It’s a deep honor to address you today as the 6th Ambassador-at-Large for Global Criminal Justice in the U.S. State Department’s Office of Global Criminal Justice. I was sworn in on March 17 of this year, at a time of extraordinary challenges and opportunities for the field of international justice.
My job and the mission of my office is to advise the various components of the U.S. government on the development and execution of policies to help prevent, mitigate, and redress atrocities through justice and accountability. To this end, we also engage in international diplomacy on the multilateral stage to build partnerships of likeminded states, and we deploy a small programming budget to help partners strengthen their capacity for this work.
Advancing accountability for war crimes, genocide, and crimes against humanity are the guiding principles in my work, as we all recognize the importance of accountability in dealing with the past and ensuring a lasting peace. And we work towards these objectives by staying mindful about survivor-led approaches to accountability that include transitional justice mechanisms that can be vital to psycho-social healing and restoring a sense of justice within communities wracked by violence. Keeping this in mind, I’d like to highlight some of the particulars of the Biden-Harris Administration’s efforts to combat atrocity crimes and ensure accountability around the world. Although I will put particular emphasis, given recent events, on ongoing initiatives in Ukraine, I will also focus upon our work in other regions, cognizant of the many calls for justice around the world, including Libya. I hope that these remarks will serve as a bit of a survey of the current state of play in the field of international justice given that:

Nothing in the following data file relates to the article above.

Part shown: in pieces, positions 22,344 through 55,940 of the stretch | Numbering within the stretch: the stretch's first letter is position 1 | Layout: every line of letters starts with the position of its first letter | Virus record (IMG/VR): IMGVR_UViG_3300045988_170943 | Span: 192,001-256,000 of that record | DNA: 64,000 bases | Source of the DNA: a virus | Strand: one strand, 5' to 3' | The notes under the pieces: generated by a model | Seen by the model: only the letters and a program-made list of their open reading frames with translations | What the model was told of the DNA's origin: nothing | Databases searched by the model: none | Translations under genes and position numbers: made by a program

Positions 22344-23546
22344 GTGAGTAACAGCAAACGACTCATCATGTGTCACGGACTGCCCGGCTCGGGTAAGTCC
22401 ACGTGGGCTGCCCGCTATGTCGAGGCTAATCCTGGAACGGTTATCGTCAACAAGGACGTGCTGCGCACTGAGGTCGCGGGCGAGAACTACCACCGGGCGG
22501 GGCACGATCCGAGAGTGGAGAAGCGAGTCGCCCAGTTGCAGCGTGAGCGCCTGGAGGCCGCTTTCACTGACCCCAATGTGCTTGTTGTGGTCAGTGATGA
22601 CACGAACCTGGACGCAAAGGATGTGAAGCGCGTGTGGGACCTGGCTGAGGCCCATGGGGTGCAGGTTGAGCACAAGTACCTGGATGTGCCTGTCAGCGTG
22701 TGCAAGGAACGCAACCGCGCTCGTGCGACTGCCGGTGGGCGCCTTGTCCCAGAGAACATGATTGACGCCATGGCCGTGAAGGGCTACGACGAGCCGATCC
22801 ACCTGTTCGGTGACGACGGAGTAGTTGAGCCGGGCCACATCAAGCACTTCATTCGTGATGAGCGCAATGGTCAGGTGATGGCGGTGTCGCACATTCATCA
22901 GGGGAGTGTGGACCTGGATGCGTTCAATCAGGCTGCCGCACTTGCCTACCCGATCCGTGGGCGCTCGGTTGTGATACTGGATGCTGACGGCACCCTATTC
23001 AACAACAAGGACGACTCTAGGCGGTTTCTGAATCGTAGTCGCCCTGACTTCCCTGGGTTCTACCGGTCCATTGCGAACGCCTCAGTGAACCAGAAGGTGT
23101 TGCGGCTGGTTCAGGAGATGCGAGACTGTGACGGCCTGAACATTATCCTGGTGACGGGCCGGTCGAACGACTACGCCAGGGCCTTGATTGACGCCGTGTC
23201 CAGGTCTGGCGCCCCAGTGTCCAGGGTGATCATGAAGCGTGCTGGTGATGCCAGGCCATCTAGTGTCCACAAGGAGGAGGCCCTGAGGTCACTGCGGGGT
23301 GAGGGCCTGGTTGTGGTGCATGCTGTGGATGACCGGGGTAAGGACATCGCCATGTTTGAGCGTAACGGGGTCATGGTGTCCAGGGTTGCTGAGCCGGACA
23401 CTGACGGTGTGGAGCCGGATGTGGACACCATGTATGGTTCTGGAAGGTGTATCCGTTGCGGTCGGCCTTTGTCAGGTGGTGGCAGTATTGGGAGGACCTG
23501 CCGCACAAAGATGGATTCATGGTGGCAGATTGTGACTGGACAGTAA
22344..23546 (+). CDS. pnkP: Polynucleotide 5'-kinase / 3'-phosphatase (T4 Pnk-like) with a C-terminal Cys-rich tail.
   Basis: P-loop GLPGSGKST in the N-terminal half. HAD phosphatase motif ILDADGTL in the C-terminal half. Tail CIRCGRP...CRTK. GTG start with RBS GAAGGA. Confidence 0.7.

The globe is increasingly united around the imperative of justice and accountability for the commission of international crimes. This newfound global solidarity has been inspired by Russia’s unprovoked war against Ukraine, with the ongoing commission of war crimes and other atrocities by members of Russia’s forces, but the growing demand for accountability is finding expression elsewhere as well.
The institutional framework for criminal accountability is increasingly decentralized and multipolar; while the ICC remains important and salient, other institutions are increasingly engaged in this work at the domestic and international levels.
Moreover, we are seeing a deepening state practice around the use of structural investigations in the face of atrocity crimes and exercise of [extraterritorial][universal] jurisdiction over [those who stand accused of committing] international crimes.
And, norm entrepreneurs—many of whom are in this room—continue to explore and develop new initiatives to further comprehensive accountability for international crimes.
The Biden-Harris Administration has strengthened multilateralism by Reinvigorating international alliances, ensuring that they have strong and capable leadership, and working through, and with, them to strengthen the rules-based international order.
The Biden-Harris Administration is pursuing an affirmative agenda for democratic renewal at home and abroad.